Professional and Legal Standards and Guidance
a) Health Professions Council
b) British Psychological Society
c) Health and Safety at UCL and while on placement
Section 35 - Service User and Carer Involvement with the Course
In the past the views of service users and carers of service users have been a secondary consideration when NHS services are planned, despite the fact that as the recipients of care they are in a good position to offer helpful advice to health professionals and managers. However well-intentioned a service, the acid test of its quality and acceptability is the experience of those who use it. Actively seeking out (and responding to) the views of service users makes considerable sense, not only because it is humane but also because services that are responsive, appropriate and acceptable to their clients are likely to be more efficient and effective.
This document sets out the ways in which the Course involves service users and carers in its organisation and in the teaching programme. In developing these links our guiding principle has been to avoid the tokenism which develops if service users are asked for their views without being fully apprised of the background to the issues on which their opinion is sought, or are asked to comment on matters which are not within their experience. For this reason our strategy has been to build a service user network, developing their roles as we gain experience with them, and they with us.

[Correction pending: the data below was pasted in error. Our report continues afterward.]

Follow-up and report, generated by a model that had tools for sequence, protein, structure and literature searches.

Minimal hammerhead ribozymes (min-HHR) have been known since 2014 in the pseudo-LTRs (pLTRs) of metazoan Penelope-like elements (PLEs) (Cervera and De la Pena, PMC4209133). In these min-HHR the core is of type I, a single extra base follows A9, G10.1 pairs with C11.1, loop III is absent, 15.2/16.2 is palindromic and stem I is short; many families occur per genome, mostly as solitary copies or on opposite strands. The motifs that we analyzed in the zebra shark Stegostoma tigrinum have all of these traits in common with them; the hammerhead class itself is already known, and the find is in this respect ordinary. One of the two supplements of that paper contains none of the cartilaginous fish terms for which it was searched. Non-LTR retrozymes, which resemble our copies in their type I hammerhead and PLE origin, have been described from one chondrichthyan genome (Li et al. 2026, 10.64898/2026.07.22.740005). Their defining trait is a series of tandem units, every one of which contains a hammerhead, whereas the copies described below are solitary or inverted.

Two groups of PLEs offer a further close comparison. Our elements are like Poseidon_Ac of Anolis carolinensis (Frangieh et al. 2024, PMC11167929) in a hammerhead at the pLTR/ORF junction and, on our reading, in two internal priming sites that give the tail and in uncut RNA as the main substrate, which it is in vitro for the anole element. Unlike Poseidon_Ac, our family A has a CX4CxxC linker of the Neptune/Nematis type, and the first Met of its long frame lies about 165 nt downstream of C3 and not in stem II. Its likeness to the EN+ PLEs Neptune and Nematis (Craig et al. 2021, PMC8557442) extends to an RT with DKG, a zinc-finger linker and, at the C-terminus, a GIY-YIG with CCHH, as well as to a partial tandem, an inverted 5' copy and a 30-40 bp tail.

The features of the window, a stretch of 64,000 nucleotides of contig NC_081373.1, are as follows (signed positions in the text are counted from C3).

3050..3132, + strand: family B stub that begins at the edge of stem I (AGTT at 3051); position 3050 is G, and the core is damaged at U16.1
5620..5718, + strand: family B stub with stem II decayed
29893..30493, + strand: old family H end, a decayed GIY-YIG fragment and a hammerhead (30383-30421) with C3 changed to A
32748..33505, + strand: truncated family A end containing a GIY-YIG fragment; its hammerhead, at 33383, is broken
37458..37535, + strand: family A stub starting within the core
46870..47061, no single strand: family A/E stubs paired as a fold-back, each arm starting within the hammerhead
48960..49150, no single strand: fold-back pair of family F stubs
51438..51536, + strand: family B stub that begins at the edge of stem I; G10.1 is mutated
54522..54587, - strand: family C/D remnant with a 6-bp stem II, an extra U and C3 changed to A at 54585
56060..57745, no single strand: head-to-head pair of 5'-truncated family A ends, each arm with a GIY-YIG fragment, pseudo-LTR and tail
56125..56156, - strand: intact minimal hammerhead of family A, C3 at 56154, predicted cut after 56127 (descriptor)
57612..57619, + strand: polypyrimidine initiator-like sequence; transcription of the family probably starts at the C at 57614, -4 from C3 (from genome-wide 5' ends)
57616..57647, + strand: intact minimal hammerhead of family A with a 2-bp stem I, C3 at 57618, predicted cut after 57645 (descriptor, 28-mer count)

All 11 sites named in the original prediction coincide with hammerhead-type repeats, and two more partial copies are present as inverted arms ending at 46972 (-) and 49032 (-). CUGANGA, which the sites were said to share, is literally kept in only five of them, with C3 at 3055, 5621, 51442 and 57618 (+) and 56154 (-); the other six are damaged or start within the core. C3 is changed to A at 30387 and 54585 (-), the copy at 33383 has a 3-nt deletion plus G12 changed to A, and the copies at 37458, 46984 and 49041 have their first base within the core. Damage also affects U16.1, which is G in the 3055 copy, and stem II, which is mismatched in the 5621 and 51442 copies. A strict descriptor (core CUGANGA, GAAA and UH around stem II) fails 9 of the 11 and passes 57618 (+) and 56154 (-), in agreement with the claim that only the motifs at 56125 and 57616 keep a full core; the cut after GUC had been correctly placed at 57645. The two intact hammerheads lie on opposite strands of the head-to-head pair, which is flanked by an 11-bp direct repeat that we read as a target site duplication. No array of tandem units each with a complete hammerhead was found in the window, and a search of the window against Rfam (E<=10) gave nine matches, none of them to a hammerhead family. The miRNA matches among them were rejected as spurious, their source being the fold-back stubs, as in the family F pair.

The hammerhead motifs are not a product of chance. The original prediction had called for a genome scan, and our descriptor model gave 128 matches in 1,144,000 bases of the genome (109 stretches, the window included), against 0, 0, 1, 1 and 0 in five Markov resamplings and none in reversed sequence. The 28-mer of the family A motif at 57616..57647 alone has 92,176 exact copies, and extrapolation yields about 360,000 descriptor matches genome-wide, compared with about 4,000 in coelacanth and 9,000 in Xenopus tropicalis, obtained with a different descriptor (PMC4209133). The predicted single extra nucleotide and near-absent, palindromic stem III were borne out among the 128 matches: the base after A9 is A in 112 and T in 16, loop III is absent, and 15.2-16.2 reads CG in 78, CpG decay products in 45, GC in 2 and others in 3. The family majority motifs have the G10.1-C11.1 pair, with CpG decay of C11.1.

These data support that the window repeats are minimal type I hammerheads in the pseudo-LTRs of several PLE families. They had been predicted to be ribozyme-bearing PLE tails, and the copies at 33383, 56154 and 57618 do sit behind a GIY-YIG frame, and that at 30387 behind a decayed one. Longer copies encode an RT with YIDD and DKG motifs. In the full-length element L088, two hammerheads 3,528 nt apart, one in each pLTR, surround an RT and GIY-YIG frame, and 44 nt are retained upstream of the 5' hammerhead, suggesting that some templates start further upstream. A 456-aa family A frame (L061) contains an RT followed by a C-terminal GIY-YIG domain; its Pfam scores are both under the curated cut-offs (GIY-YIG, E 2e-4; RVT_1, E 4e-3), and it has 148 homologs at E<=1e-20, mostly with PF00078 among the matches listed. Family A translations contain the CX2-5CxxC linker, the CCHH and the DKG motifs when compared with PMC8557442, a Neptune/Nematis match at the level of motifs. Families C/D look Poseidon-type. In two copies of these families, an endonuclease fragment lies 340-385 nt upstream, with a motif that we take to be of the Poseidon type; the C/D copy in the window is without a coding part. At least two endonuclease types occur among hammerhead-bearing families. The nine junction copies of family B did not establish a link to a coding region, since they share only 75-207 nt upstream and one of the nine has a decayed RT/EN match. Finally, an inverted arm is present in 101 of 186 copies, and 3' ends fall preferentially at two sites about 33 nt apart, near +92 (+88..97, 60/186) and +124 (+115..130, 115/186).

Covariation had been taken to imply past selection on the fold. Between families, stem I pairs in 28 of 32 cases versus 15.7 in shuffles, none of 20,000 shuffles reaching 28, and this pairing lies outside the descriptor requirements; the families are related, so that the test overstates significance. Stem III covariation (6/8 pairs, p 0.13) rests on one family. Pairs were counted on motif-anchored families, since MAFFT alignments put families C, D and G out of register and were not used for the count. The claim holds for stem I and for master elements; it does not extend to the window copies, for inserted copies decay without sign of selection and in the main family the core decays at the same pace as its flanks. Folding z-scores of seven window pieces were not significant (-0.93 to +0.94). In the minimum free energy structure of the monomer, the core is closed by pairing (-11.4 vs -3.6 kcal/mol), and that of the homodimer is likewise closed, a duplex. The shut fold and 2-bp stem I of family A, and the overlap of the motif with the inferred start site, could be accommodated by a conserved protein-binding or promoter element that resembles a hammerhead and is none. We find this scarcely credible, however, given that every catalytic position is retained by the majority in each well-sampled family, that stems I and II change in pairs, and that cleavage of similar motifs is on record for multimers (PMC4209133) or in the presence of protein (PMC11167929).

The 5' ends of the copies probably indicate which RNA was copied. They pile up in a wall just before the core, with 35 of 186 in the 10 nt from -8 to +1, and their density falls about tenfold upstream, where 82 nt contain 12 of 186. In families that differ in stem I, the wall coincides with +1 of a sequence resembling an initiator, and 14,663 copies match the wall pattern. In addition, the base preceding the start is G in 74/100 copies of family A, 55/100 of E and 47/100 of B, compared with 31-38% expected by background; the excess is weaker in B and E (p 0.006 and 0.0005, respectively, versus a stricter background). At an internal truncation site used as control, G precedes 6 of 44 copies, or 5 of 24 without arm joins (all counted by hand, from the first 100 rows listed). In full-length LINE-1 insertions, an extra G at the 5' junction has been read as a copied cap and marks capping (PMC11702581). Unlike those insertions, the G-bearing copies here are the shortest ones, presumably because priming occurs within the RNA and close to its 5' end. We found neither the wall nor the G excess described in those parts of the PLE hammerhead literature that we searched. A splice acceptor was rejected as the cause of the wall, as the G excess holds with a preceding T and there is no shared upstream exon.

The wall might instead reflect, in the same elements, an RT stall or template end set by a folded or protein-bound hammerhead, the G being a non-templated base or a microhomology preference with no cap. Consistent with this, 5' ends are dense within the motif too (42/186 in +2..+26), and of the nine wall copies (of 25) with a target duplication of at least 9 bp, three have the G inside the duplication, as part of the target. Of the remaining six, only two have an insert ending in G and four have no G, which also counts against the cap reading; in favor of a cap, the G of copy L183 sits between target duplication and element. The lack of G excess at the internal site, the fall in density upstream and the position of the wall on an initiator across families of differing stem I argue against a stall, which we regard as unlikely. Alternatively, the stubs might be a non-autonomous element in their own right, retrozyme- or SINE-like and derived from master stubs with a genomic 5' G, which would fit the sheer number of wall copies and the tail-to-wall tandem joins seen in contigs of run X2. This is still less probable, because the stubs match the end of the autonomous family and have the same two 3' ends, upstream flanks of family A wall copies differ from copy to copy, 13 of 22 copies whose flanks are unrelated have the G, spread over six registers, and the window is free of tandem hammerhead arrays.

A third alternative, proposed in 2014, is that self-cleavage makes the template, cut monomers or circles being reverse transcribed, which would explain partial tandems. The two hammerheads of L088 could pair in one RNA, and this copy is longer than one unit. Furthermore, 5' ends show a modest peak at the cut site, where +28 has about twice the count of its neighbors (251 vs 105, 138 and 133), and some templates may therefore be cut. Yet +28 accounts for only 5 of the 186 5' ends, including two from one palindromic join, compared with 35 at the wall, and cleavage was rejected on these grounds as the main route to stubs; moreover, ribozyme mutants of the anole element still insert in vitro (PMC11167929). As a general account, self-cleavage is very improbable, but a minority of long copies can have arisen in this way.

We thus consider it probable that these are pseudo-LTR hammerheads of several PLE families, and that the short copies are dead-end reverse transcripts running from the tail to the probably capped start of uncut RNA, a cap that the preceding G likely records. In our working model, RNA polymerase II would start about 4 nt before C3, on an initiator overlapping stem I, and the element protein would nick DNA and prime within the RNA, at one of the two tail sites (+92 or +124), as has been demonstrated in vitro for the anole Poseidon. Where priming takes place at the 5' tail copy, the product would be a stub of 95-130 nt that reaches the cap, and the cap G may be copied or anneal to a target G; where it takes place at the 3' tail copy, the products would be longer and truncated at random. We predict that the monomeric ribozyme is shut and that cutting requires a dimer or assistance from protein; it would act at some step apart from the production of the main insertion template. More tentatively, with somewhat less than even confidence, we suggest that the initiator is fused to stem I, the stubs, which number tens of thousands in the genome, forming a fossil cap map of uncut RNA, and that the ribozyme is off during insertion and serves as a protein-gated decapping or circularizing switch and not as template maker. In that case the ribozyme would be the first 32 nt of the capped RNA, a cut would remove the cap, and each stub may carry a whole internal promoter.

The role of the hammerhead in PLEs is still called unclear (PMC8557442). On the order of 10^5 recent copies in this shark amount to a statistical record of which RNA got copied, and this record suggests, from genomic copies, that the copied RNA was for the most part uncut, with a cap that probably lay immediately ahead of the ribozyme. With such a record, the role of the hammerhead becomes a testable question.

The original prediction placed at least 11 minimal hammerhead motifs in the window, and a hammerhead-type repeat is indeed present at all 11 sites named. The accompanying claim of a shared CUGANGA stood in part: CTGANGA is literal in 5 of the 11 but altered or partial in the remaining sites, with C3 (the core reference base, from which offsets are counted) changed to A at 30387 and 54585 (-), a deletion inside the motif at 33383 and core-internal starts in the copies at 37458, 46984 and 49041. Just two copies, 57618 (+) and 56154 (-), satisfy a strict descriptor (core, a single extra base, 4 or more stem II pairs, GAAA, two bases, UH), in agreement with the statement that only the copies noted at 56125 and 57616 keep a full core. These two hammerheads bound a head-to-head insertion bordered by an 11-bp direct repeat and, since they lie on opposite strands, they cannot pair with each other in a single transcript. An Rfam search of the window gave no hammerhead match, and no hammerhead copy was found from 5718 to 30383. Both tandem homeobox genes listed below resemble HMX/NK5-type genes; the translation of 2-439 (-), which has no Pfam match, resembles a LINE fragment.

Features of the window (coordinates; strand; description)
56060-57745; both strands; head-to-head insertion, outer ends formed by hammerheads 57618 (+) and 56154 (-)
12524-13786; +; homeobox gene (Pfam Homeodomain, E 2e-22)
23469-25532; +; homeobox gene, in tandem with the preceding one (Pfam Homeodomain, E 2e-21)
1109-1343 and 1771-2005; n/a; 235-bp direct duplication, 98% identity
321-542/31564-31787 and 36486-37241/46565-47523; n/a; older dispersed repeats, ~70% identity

Service user and carer committee
The aim of the committee is to coordinate and develop the input of service users across all the domains of the course – to the curriculum, placement experience, selection and research. Its first meeting was in December 2007, and it meets twice a year.
Membership comprises the members of staff the Academic Director and a clinical tutor (who act as coordinators) and service users and carers recruited from local NHS trusts and voluntary organisations as well as two trainee representatives. The aim is to build up a core membership of service users and carers who can represent as closely as possible the range of contexts and client groups with whom the course is preparing trainees to work. The meeting is co-Chaired by a member of staff and a service user.
In order to integrate the service user committee into the organisational structure of the Course action points arising from its meetings are raised in the Course Executive Committee by the Academic Director, placed on the agendas of the relevant course committees and reviewed in the Annual Course Review. If these proposals are seen as appropriate plans can be put in place to take them forward; if they are not taken forward then the reasons for this are fed-back to subsequent meetings of the service user committee. Traffic is two-way; from time to time course committees will place items on the agenda of the service user committee in order actively to seek their views regarding potential developments.
Service user input to teaching